Patients with New York Heart Association (NYHA) functional class IV heart failure are more likely than those with milder disease to exhibit nonfatal adverse reactions to carvedilol and require permanent withdrawal of the drug, in particular during initiation and dose titration. However, they are also more likely to show symptomatic improvement in the long term.
Macdonald et al found that carvedilol was generally well tolerated in heart failure: 71% of their patients tolerated long-term therapy, and 59% showed symptomatic improvement at 3 months, together with significant improvement in left ventricular dimensions and contraction, as measured by echocardiography and the 6-min walk distance. However, they did not offer carvedilol to class IV patients to whom any of the following applied: cardiogenic shock, intractable pulmonary or systemic edema, heart failure requiring intravenous inotropic or mechanical support, resting bradycardia < 50 bpm, systemic hypotension (< 80/50 mm Hg), and asthma.
Carvedilol was well tolerated in the CarvedilOl ProspEctive RaNdomlzed Cumulative Survival (COPERNICUS) study. Fewer patients required permanent discontinuation of treatment because of adverse effects than in the placebo group. Benefit was observed in clinically euvolemic patients not receiving intravenous positive inotropics or vasodilators for heart failure or requiring intensive care. Patients with symptomatic hypotension or severe renal dysfunction were excluded. It is possible that such critically ill patients depend on sympathetic nervous system activation to maintain circulatory homeostasis, in which case sympathetic blockade could be ineffective or precipitate rapid clinical deterioration. Such patients should first be clinically stabilized (with particular respect to volume status) before being started on carvedilol.
Class IV patients are at twice the risk of exacerbation than patients with less severe disease. If they react adversely to the initiation and titration of P-blocker therapy, concurrent therapies should be adjusted to allow p-blockade to continue. Exacerbations generally respond to an increase in diuretic or nitrate therapy. Further uptitration of the P-blocker should only be attempted after the exacerbation has fully resolved. This approach enables long-term P-block-ade to be maintained in a third of patients who develop exacerbations. Indeed, their long-term outcome is similar to that of patients tolerating P-blockade at the first attempt.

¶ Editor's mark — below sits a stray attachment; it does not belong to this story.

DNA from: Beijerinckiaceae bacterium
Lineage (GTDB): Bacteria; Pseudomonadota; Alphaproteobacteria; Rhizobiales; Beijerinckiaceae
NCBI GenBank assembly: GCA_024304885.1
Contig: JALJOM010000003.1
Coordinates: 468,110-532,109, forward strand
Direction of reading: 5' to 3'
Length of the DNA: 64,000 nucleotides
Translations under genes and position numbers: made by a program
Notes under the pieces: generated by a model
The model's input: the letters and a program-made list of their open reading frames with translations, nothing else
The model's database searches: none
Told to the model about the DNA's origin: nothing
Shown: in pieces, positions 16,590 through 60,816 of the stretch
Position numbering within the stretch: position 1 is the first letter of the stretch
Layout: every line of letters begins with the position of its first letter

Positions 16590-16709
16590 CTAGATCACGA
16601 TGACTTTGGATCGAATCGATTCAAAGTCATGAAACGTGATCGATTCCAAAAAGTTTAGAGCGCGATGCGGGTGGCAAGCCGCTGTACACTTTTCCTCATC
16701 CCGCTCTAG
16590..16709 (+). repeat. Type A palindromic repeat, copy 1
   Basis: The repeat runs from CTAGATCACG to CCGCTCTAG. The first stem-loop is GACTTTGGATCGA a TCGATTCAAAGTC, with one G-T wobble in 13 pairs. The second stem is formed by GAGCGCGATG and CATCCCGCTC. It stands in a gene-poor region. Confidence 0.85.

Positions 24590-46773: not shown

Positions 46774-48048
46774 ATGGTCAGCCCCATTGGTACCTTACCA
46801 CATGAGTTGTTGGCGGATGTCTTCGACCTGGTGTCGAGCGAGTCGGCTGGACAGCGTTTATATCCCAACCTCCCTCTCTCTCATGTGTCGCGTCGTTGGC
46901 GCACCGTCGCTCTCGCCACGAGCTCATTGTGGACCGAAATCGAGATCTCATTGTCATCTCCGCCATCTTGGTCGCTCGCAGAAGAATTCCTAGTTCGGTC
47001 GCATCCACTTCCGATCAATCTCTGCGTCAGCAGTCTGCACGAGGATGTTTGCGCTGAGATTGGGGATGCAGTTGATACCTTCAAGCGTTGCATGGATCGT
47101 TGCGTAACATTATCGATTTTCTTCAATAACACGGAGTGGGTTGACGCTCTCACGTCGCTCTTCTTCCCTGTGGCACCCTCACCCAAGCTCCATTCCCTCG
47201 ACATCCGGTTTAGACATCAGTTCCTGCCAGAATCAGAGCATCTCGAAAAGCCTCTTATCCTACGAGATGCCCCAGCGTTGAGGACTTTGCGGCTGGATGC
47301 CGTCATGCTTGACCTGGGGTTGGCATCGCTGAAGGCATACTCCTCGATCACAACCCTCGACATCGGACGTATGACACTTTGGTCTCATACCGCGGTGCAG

Other classic reactions to P-blocker therapy, namely symptomatic bradycardia, hypotension, and fatigue, are infrequent. Most occur during initiation and titration, and over half in the first 2 weeks. The class IV patients most at risk are those with pretreatment hyponatremia. Sackner-Bernstein et al found that hyponatremia was the most powerful predictor of adverse reactions to carvedilol in mod-erate-to-severe heart failure. It correlates closely with neurohumoral activation, particularly of the renin-angiotensin system, and is an independent predictor of mortality in severe heart failure. Hyponatremic patients are also more likely to be hypotensive and to have evidence of impaired peripheral and renal perfusion than normonatrem-ic class IV controls. All class IV patients with hyponatremia or hypotension should be hospitalized for the initiation of carvedilol therapy.
Class IV patients are clearly at greatest risk from carvedilol therapy, but potentially have the most to gain. The magnitude of improvement in left ventricular size and function is similar to, and in the case of the 6-min walk distance actually exceeds, that in patients with milder disease.
The COPERNICUS study demonstrated that long-term carvedilol plus conventional therapy significantly decreased the rate of death and hospitalization in severe heart failure. Benefit was independent of age, gender, cause of heart failure, left ventricular ejection fraction, or recent hospitalization history. It was seen even in patients with a history of recent or recurrent cardiac decompensation or severely depressed cardiac function.
In summary, carvedilol is a useful adjuvant therapy in patients with class IV heart failure. However, close observation during initiation and titration is mandatory.
fi-blocker; efficacy; tolerability; NYHA classification; side effect; prognosis